Friday, July 10, 2009

This is obvious, really

With most mobile phone networks in Britain, when you call regular customer service the call is forwarded to someone in India. If the person on the other end of the call solves my problem efficiently, I am fine with this. When things don't work, the problem is ultimately caused by poor systems and poor management at the network, usually. For instance, I had a customer service issue with Vodafone (caused by a screw up at their end) in which it was impossible to be helped by the same person twice, and different people kept failing to understand things that I had already explained to one of their colleagues. Bad service. On the other hand, for a recent issue I had with Three (caused by a screw up by the Royal Mail) the first person who helped me took my number, and said he would escalate the problem and call me back when it was resolved, which he did. Good service.

However, there is one option in the phone menu that will always get you to someone in the UK, and that is selecting "I wish to cancel my phone". When you select this from just about any network, you get someone with a friendly Northern English or Scottish accent from the "customer retention" department, whose job it is to talk you out of leaving. These people will ask you why you are leaving, and have the power to offer you much better deals that people in, say, the network's retail shops. Such people walk a relatively delicate line, because if someone genuinely does wish to cancel they have a legal right to do so and the network must not refuse them, but it is their job to keep you on the line if there is some chance you will renew your contract.

If you genuinely do want to cancel your phone, there is a game to be played to get it over with quickly. Basically, you tell lies that are unanswerable by the person on the other end of the phone. "I am leaving the country" is a good one, but only works if you are doing a straight cancellation. If you are instead asking for a PAC code to port your number to another network, that doesn't hold up. Things like "This phone is in my name, but my ex-girlfriend used it. We have now broken up and she wants to keep her number" will usually work. Or one can just get confrontational and insist, but I don't like to do that.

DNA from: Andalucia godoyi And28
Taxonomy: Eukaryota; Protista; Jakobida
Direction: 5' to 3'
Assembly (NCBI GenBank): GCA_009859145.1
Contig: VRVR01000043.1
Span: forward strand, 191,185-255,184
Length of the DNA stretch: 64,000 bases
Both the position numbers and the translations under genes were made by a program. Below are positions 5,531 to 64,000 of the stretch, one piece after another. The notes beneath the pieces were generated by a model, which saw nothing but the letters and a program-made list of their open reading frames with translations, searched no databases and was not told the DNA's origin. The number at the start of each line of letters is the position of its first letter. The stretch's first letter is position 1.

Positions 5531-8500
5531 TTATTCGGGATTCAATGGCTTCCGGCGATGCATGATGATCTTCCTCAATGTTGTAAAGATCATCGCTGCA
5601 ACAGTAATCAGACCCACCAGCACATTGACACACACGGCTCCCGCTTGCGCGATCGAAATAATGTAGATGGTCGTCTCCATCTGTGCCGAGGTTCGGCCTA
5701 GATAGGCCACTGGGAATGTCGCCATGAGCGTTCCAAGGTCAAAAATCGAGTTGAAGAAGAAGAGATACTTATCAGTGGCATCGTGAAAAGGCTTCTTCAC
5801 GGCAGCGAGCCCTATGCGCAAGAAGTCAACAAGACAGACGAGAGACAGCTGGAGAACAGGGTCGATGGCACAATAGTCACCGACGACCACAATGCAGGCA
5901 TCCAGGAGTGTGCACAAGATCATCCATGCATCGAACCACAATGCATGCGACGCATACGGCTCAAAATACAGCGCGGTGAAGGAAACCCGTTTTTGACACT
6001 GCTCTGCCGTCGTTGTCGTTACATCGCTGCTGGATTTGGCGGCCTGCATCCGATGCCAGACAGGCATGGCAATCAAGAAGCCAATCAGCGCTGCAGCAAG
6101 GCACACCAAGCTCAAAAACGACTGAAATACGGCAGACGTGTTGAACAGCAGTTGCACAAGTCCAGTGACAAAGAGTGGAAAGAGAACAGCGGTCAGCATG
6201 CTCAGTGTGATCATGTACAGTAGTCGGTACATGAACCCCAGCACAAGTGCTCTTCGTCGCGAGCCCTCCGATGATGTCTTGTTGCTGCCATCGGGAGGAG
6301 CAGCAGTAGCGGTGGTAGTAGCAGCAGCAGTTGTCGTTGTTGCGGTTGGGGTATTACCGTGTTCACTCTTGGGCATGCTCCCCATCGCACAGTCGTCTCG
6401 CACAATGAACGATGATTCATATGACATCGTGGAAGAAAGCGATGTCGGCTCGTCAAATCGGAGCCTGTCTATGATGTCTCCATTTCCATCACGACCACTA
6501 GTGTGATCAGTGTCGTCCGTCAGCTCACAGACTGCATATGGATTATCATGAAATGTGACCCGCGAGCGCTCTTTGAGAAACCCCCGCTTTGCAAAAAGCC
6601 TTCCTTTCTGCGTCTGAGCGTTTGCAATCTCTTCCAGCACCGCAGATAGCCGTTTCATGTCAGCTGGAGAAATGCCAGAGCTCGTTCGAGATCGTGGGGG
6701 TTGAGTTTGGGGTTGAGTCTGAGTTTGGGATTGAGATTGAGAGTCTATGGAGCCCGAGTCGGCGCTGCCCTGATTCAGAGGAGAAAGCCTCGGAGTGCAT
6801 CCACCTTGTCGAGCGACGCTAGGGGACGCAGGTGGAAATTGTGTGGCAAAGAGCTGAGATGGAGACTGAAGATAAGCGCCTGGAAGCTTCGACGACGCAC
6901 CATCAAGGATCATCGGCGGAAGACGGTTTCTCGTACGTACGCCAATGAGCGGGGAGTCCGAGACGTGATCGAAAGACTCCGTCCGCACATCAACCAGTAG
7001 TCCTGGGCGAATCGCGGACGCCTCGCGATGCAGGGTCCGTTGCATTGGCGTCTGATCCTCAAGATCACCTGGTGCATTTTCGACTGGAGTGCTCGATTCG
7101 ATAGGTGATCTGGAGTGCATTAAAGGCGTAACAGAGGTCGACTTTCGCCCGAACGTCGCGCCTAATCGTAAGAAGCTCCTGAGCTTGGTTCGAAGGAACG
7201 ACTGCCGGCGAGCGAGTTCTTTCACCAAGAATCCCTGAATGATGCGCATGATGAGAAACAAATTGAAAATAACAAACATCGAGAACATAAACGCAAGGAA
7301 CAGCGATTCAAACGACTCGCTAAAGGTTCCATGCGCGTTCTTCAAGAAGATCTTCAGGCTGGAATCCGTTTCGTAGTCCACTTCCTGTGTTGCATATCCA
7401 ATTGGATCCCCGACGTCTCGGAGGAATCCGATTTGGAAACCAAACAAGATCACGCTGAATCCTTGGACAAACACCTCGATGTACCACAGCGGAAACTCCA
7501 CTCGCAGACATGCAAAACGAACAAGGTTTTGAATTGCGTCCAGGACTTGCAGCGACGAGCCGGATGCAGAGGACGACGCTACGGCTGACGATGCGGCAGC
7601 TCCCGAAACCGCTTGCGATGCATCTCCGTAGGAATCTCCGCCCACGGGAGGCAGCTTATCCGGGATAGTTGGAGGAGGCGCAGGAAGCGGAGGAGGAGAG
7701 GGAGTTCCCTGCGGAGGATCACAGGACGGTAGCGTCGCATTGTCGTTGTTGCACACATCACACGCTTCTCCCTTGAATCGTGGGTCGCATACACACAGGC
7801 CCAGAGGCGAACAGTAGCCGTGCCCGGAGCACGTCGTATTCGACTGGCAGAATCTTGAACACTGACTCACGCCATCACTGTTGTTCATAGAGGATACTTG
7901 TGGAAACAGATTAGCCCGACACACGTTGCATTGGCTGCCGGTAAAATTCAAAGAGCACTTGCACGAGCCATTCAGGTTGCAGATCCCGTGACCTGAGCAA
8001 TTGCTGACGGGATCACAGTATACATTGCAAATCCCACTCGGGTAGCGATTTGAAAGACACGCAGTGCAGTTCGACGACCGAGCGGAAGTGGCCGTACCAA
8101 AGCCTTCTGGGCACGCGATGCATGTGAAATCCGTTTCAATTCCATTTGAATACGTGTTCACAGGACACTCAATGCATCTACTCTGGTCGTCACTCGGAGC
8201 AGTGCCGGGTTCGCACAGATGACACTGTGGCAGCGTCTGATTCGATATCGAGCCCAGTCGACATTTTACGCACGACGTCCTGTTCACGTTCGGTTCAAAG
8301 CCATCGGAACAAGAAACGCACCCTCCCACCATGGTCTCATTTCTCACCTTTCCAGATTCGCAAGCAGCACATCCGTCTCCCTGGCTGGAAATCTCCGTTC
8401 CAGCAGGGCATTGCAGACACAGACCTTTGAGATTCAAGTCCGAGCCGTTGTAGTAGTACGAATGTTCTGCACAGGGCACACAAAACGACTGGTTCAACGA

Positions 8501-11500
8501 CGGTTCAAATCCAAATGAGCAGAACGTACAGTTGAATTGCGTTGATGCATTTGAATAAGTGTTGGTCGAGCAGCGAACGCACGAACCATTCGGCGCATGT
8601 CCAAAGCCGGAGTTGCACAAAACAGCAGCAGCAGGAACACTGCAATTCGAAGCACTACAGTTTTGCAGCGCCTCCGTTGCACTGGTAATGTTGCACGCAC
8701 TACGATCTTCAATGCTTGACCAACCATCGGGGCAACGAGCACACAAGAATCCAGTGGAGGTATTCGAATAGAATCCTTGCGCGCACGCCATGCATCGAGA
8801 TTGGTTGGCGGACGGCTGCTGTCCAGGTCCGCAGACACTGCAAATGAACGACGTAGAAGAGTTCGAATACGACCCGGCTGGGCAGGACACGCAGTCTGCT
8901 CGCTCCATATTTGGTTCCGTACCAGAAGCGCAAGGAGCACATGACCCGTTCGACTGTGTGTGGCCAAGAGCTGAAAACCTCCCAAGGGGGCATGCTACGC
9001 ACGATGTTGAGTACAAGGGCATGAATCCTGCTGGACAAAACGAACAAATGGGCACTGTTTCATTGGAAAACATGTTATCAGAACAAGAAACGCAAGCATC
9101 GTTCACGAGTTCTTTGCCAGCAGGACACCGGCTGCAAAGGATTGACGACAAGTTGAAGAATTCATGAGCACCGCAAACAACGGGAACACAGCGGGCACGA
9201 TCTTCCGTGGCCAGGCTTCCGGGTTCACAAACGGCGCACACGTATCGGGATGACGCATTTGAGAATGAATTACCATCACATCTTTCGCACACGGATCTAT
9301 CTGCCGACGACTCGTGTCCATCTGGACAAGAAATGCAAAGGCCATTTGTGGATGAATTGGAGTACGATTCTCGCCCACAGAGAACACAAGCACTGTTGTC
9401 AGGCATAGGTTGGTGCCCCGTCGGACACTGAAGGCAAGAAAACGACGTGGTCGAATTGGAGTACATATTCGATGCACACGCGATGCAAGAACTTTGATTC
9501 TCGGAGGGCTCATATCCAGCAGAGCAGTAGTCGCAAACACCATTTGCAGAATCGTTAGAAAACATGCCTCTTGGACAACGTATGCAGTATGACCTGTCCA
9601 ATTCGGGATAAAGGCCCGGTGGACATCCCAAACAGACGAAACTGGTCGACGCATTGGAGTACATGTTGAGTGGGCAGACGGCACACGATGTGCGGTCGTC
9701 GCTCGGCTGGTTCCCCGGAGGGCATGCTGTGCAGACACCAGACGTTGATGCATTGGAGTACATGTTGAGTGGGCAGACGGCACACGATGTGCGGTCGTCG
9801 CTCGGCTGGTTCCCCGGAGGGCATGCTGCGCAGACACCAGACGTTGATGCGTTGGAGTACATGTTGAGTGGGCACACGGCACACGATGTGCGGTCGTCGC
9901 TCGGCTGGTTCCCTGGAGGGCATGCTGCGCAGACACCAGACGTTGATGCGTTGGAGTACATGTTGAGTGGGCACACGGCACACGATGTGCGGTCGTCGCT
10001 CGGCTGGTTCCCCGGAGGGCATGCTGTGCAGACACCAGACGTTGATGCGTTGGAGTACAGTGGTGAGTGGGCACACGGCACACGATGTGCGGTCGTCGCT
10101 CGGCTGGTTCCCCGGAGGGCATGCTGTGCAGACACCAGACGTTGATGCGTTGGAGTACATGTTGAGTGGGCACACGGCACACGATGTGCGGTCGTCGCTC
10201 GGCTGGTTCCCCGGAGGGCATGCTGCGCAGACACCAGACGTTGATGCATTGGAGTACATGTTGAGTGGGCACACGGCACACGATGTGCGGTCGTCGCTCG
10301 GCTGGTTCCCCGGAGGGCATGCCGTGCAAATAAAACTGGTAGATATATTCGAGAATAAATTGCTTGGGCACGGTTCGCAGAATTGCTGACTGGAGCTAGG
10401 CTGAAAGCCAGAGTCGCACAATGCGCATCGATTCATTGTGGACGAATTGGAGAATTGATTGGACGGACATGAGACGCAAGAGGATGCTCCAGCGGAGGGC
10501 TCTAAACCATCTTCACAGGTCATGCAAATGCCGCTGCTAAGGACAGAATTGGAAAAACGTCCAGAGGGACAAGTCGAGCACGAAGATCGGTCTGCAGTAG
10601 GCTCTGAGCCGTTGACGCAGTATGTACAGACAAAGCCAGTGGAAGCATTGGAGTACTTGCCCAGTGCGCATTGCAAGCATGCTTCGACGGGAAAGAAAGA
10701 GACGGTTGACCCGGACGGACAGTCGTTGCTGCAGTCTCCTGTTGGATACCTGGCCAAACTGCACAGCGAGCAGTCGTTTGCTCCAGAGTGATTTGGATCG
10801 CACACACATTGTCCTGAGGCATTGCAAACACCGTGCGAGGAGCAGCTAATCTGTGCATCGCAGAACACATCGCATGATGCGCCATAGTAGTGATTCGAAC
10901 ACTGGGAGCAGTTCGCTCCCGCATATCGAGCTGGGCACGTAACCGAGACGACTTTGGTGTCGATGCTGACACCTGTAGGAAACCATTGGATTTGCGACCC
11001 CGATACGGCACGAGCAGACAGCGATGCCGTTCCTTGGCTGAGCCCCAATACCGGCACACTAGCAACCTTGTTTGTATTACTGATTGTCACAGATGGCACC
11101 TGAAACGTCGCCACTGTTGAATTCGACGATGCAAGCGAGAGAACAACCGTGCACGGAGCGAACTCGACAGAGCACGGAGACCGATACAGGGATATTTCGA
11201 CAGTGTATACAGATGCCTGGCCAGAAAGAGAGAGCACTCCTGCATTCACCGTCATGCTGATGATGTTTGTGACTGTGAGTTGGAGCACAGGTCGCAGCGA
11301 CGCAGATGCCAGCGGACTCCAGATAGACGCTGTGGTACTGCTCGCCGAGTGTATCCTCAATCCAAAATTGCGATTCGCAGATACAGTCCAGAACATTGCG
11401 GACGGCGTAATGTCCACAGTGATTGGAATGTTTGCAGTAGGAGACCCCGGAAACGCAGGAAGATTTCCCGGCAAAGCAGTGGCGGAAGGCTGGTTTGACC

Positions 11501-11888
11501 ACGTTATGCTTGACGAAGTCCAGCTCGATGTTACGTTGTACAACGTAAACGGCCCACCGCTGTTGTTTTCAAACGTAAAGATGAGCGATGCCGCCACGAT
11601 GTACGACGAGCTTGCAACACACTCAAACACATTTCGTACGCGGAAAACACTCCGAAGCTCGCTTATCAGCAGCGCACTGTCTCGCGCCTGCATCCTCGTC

Sometimes though, you say you want to cancel when you have absolutely no desire to cancel. This comes down to what I said earlier: the customer retentions department has the power to offer you a better deal than any other part of the organisation. Usually, though, they will not make their very best offer unless you seem sincere about leaving, and it turns into an experience akin to haggling in a market. It is very hard to know how low they are able to go, as the level of desperation to keep customers varies depending on how close to their monthly quotas they are, how badly they think the stockmarket will react to news that they have lost fifty thousand customers, and that kind of thing. Therefore, haggling exists here for the same reason it exists in markets - the seller does not want to reveal to the buyer how low he can go unless he absolutely has to, and he does so in the hope that the buyer will agree to pay more. I am reasonably good at this, but I suppose I should note that the cheapest deal I have ever obtained was received when I rang up genuinely intending to leave and they genuinely talked me out of it. (As a consequence of this, I generally carry two mobiles. That said, having a second number that is only known to my close friends has something to be said for it to).